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Mrinal Sen retrospective sent to the backburner at Kolkata Film Festival

The pronounced Left leanings of the master believed to be the reason.

kolkata Updated: Oct 29, 2016 16:53 IST
Anindita Acharya
Mrinal Sen at a city function organised to celebrate his ninetieth birthday.
Mrinal Sen at a city function organised to celebrate his ninetieth birthday.(Samir Jana)

The authorities of Kolkata International Film Festival (KIFF) 2016 have dispatched plans of a retrospective of films by Mrinal Sen, one of the oldest masters of the Indian new wave cinema, to the cold storage. And the reason appears to be the political leanings of the 93-year old filmmaker.

According to sources at KIFF, the chairman of the festival filmmaker Gautam Ghose, met the ailing filmmaker at his Kolkata residence and Sen agreed to the idea. His son, Kunal who lives in the US, too showed interest in the proposal.

Read: Awards make me uncomfortable: Mrinal Sen

“At least 10-12 films were shortlisted for screening at the film festival. We were also told that the National Film Archive of India was also contacted,” says the source.

A still from the shooting of Bhuvan Shome, a new wave classic. (

Sen, like octogenarian Dadasaheb Phalke awardee Soumitra Chatterjee, is one of the few intellectuals who have refused to distance themselves from leftist politics even after Trinamool Congress led by Mamata Banerjee resoundingly defeated the Left in 2011 and 2016.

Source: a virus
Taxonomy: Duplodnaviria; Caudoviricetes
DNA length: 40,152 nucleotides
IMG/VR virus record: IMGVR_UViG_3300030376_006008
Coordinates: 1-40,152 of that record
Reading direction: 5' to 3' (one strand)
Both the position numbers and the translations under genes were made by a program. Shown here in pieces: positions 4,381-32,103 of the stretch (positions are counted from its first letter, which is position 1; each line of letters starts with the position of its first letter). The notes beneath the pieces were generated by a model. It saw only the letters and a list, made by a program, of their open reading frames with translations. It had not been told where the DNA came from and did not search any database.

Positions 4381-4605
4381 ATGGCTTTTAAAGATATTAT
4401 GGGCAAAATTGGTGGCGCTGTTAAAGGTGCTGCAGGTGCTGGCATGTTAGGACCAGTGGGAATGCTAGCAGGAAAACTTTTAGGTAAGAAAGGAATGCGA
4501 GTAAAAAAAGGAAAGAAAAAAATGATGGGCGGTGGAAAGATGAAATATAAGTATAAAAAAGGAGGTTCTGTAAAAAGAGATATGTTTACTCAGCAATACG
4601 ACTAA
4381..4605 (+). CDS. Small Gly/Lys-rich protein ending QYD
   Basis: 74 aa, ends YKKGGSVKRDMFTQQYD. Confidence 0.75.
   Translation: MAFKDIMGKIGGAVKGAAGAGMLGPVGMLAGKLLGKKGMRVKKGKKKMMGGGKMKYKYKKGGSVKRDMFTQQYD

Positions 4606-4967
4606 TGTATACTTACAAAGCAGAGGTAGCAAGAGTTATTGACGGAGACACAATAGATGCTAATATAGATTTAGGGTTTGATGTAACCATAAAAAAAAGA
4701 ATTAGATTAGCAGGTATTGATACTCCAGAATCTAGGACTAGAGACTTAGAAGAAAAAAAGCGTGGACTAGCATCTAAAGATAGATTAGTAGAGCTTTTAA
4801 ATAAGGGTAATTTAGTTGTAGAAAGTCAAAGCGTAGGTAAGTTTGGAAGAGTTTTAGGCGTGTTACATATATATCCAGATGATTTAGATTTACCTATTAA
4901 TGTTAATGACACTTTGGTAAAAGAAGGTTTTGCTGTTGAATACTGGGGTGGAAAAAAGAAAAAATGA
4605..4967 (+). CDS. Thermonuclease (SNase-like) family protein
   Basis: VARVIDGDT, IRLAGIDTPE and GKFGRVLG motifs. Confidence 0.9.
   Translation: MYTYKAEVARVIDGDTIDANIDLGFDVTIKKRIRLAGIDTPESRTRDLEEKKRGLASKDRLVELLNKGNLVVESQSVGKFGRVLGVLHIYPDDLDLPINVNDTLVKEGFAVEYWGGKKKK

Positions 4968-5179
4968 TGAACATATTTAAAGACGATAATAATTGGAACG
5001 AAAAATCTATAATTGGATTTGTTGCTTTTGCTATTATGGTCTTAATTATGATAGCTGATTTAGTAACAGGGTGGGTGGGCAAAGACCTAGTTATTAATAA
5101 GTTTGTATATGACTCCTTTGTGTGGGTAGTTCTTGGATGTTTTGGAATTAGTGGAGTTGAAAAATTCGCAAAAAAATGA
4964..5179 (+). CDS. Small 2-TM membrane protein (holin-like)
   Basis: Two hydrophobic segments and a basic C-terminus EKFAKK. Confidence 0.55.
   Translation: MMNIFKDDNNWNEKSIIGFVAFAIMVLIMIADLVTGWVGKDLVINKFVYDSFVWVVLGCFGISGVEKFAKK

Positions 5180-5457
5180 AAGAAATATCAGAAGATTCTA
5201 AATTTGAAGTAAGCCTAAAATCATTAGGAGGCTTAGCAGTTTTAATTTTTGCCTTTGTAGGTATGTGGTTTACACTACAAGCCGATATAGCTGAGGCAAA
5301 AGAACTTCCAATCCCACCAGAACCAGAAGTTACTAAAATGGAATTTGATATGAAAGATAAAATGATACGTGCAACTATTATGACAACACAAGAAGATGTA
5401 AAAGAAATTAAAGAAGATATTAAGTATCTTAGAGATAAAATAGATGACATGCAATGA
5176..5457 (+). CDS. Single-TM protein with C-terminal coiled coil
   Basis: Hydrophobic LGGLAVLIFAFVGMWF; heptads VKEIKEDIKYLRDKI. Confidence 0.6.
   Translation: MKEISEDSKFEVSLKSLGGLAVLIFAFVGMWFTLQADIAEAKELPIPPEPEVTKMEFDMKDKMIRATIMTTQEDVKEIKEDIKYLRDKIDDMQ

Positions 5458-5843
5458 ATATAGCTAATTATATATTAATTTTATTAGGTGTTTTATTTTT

None connected with the KIFF were willing to comment on Sen’s retrospective.

Mrinal Sen at Cannes Film Festival. For a long time, Sen and Ray were the ambassadors of parallel Indian cinema at various international film festivals. (

In 2011, just a few months after the new government assumed power, Sen refused the invitation to be present at the inauguration of Kolkata Film Festival. However, he did inaugurate an exhibition of photographs by Satyajit Ray at Gaganendra Pradarshashala, which was a part of the 2011 film festival.

Read: Why Mrinal Sen is India’s most important filmmaker ever

Sen’s relation with the current state government has always remained strained. In 2012 there was discontent among city intellectuals when the government didn’t invite Sen in a function organised to felicitate film personalities of the city.

Filmmaker Gautam Ghose, an admirer of Sen, felicitates the master at his ninetieth birthday in Kolkata. (Samir Jana)

Sen came to film making from a completely unrelated profession of selling medicine, and his films always had strong social and political statements. Among his important works are Bhuvan Shome, Kharij, Akaler Sandhane, Calcutta 71, Khandahar, Ekdin Pratidin, Baishey Shravana.

He made his last film, Aamaar Bhuvan, in 2002, at the age of 80.

Between 1998 and 2003 he was also an MP from Rajya Sabha nominated by the Left. In 2000, Russian president Vladimir Putin honoured him with the Order of Friendship.

Read: Eight unreleased films to be screened in KIFF 2016 Bengali Panorama

Actors such as Shabana Azmi, Naseeruddin Shah, Om Puri and Smita Patil worked with him. He launched the career of three-time best actor national award winner Mithun Chakraborty in Mrigaya.

“He is one of the last living masters and it would have been befitting to organise his retrospective at Nandan. But it’s sad if it does not materialise. Political leanings should not be of any consequence here,” said a Bengali actor-director on conditions of anonymity.